Trump Fact-Checks Media: Brett McGurk Responsible for Pallets of Cash to Iran

Brett McGurk (Win McNamee / Getty)
Win McNamee / Getty

President Donald Trump reacted Monday to critics who had rallied around former U.S. envoy Brett McGurk, noting that he was the Obama administration official responsible for sending pallets of cash to Iran for U.S. hostages.

McGurk, who was appointed by President Barack Obama in 2015 as special envoy to the international coalition fighting the so-called “Islamic State” (ISIS), resigned his post over the weekend in protest against President Trump’s decision to withdraw troops from Syria. Though McGurk had been due to leave his post in February, his resignation provided more fodder for Trump’s critics in the wake of Secretary of Defense James Mattis’s resignation Thursday.

Trump initially responded by accusing McGurk of “grandstanding,” adding that he had been appointed by Obama and that Trump did not even know him. That, in turn, led to more criticism.

On Monday morning, Trump tweeted:

The claim is true, as initially reported by the Wall Street Journal, which broke the story of the cash ransom for American prisoners in 2016:

The Obama administration has refused to disclose how it paid any of the $1.7 billion, despite congressional queries, outside of saying that it wasn’t paid in dollars. Lawmakers have expressed concern that the cash would be used by Iran to fund regional allies, including the Assad regime in Syria and the Lebanese militia Hezbollah, which the U.S. designates as a terrorist organization.

The U.S. delegation was led by a special State Department envoy, Brett McGurk, and included representatives from the Central Intelligence Agency and Federal Bureau of Investigation, according to U.S. and European officials. The Iranian team was largely staffed by members of its domestic spy service, according to U.S. officials.

Revolutionary Guard commanders boasted at the time that the Americans had succumbed to Iranian pressure. “Taking this much money back was in return for the release of the American spies,” said Gen. Mohammad Reza Naghdi, commander of the Guard’s Basij militia, on state media.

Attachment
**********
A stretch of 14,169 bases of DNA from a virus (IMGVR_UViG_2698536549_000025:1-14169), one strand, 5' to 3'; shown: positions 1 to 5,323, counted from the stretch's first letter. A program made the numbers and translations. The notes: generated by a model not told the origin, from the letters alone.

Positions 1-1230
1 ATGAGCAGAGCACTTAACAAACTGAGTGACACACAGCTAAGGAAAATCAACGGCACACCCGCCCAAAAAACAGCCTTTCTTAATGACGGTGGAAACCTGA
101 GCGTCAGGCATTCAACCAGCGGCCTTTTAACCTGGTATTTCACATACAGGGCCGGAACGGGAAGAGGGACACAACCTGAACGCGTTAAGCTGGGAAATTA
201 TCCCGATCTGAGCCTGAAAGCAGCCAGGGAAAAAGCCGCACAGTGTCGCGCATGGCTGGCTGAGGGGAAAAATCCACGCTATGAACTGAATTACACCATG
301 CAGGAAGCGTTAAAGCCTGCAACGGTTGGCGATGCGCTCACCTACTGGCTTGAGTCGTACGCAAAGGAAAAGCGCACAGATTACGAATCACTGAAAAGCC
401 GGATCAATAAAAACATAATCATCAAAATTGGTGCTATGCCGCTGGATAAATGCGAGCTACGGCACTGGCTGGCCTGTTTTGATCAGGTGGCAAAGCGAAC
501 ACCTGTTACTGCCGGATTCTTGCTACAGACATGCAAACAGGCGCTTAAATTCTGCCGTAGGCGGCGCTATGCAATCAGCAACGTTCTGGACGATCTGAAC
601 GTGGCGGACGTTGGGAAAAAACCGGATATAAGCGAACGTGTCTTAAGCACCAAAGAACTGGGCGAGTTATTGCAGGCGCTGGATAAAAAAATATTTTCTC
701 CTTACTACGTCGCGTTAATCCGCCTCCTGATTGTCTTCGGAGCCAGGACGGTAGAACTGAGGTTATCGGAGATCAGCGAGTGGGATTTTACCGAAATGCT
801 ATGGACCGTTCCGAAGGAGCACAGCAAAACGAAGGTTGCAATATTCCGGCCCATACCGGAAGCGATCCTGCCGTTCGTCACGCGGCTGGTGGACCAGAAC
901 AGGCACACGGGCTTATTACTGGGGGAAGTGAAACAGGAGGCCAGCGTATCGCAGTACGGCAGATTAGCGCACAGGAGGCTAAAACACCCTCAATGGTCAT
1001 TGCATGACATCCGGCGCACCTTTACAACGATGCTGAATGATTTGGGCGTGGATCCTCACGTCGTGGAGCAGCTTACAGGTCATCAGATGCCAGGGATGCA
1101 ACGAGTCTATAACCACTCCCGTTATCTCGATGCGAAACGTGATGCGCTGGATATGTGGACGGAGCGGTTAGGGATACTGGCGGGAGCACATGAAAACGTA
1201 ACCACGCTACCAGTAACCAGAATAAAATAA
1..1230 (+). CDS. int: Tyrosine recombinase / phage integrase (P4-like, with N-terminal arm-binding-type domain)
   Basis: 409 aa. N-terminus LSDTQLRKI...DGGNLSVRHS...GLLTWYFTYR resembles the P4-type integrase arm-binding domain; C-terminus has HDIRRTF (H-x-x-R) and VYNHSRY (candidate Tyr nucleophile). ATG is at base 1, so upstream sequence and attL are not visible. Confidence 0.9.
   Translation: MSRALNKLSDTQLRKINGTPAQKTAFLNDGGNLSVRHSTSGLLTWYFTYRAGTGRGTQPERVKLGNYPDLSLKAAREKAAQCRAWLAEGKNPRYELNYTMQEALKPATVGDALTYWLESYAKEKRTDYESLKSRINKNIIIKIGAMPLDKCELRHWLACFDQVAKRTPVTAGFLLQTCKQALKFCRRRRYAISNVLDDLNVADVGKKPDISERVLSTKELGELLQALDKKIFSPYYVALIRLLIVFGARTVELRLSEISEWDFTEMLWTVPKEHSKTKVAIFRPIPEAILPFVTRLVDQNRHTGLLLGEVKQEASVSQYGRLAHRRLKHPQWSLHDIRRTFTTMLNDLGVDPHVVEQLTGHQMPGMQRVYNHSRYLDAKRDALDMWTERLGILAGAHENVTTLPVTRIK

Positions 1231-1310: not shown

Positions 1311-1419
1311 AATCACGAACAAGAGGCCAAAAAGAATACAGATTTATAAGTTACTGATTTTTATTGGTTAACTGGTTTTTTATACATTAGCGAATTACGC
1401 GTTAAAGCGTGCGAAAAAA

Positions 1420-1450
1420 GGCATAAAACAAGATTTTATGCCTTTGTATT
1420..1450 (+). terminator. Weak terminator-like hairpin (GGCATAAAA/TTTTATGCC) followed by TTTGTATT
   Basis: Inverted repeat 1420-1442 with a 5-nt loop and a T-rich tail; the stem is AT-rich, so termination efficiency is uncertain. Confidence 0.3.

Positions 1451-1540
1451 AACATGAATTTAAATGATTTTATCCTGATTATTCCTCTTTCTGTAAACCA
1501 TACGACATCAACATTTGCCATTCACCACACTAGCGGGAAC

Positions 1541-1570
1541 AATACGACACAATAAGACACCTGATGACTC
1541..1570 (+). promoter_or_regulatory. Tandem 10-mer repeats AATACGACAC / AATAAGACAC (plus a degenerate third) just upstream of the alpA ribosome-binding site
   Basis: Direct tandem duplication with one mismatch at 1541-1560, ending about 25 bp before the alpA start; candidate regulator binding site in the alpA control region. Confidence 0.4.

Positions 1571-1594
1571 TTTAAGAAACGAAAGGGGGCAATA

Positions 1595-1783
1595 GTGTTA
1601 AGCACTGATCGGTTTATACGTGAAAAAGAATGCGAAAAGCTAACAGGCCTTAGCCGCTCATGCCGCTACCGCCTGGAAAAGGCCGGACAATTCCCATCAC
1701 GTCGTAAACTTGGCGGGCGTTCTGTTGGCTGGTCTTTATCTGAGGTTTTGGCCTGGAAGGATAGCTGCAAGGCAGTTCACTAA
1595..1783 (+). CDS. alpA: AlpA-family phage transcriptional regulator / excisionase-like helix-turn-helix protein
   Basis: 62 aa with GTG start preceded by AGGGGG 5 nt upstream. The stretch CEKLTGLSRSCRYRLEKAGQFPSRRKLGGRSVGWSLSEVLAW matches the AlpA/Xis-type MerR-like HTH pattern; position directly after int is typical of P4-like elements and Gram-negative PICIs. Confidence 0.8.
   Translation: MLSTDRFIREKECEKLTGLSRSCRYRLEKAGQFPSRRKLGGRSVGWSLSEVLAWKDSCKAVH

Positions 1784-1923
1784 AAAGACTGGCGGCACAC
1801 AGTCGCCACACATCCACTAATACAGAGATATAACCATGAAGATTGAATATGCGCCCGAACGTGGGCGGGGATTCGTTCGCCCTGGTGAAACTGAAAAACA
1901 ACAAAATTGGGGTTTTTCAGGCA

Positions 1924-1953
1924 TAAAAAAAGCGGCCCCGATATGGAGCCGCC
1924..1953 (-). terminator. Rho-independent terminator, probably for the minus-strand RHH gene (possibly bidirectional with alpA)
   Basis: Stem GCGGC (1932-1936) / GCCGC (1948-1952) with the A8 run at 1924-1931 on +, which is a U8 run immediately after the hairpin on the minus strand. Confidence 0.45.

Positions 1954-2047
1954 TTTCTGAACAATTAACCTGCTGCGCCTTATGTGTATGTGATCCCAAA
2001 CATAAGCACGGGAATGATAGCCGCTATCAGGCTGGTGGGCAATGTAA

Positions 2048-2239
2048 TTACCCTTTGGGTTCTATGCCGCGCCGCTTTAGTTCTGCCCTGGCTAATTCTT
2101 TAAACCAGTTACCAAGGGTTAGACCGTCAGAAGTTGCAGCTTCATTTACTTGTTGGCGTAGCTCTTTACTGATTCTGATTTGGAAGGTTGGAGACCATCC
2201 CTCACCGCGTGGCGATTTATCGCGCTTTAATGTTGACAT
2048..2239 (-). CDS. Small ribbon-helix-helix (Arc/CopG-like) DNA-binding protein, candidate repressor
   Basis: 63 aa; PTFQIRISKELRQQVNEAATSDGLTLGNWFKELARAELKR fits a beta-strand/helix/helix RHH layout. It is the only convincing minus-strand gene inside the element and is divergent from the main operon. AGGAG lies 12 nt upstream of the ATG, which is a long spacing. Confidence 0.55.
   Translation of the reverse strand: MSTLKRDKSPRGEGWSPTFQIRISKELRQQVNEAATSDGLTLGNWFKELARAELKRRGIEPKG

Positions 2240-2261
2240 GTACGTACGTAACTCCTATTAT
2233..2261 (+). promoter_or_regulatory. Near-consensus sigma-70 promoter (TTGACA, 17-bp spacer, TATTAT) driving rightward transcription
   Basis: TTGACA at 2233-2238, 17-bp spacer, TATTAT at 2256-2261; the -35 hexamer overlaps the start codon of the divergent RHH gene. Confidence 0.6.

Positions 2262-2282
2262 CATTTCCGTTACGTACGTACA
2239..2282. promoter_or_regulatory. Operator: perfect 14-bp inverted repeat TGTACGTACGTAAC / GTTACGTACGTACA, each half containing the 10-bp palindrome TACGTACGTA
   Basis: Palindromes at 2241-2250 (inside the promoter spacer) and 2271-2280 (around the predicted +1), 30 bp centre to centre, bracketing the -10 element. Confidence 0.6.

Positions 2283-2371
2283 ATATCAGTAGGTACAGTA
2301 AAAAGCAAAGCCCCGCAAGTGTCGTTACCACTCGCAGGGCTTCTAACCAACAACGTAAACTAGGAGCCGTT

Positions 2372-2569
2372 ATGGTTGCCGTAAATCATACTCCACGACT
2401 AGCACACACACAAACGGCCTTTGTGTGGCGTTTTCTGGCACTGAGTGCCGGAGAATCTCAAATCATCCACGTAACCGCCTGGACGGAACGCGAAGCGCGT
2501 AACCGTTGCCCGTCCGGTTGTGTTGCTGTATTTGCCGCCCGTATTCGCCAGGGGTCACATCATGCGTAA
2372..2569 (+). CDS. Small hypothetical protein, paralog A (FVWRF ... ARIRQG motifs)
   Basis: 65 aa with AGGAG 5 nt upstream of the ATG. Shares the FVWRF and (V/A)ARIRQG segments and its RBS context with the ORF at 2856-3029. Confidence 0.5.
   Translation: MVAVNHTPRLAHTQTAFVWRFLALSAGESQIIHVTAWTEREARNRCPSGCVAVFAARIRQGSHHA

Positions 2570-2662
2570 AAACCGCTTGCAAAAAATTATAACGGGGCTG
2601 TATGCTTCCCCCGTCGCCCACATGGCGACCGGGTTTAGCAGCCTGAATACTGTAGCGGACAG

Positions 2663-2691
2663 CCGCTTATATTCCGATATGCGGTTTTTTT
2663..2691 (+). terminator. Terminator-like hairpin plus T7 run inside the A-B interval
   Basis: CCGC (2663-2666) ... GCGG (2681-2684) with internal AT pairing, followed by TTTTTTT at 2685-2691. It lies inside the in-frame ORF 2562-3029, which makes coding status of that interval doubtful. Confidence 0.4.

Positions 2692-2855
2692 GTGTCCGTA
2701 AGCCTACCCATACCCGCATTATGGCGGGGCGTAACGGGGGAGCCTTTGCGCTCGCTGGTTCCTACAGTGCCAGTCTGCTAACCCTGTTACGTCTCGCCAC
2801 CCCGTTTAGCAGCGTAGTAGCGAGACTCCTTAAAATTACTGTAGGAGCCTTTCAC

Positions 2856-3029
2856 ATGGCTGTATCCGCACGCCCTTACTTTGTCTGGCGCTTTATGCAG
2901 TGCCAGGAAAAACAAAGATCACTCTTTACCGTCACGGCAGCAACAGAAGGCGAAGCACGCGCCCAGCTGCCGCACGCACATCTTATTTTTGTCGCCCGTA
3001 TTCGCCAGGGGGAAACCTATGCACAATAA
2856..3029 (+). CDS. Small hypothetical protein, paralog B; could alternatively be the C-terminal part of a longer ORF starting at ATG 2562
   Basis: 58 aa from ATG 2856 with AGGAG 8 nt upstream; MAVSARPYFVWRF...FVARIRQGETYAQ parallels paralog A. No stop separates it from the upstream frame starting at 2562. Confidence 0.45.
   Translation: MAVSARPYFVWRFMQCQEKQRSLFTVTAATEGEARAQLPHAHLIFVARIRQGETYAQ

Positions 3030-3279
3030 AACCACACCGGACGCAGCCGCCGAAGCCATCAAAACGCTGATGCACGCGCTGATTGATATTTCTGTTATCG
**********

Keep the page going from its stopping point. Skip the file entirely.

Critics also argued that paying ransom for hostages would endanger Americans by creating a financial incentive to kidnap and imprison more of them.

In 2012, McGurk withdrew his nomination to be ambassador to Iraq over an affair with a Journal reporter.

As the New York Times reported at the time:

Six of the nine Republicans on the Senate Foreign Relations Committee wrote Mr. Obama last week that Mr. McGurk “lacks the leadership and management experience” to run the largest American embassy in the world and suggested that the e-mails documented “unprofessional conduct” and “poor judgment” that would tarnish his credibility. The public opposition by Republicans led to private defections among Democrats, including Senator Barbara Boxer of California, according to Democrats.

On Sunday, former National Security Advisor Susan Rice, who was in office at the time of the cash ransom payments to Iraq, wrote in the Times that Trump was a greater threat to the United States than “any foreign adversary.”

Joel B. Pollak is Senior Editor-at-Large at Breitbart News. He is a winner of the 2018 Robert Novak Journalism Alumni Fellowship. He is also the co-author of How Trump Won: The Inside Story of a Revolution, which is available from Regnery. Follow him on Twitter at @joelpollak.


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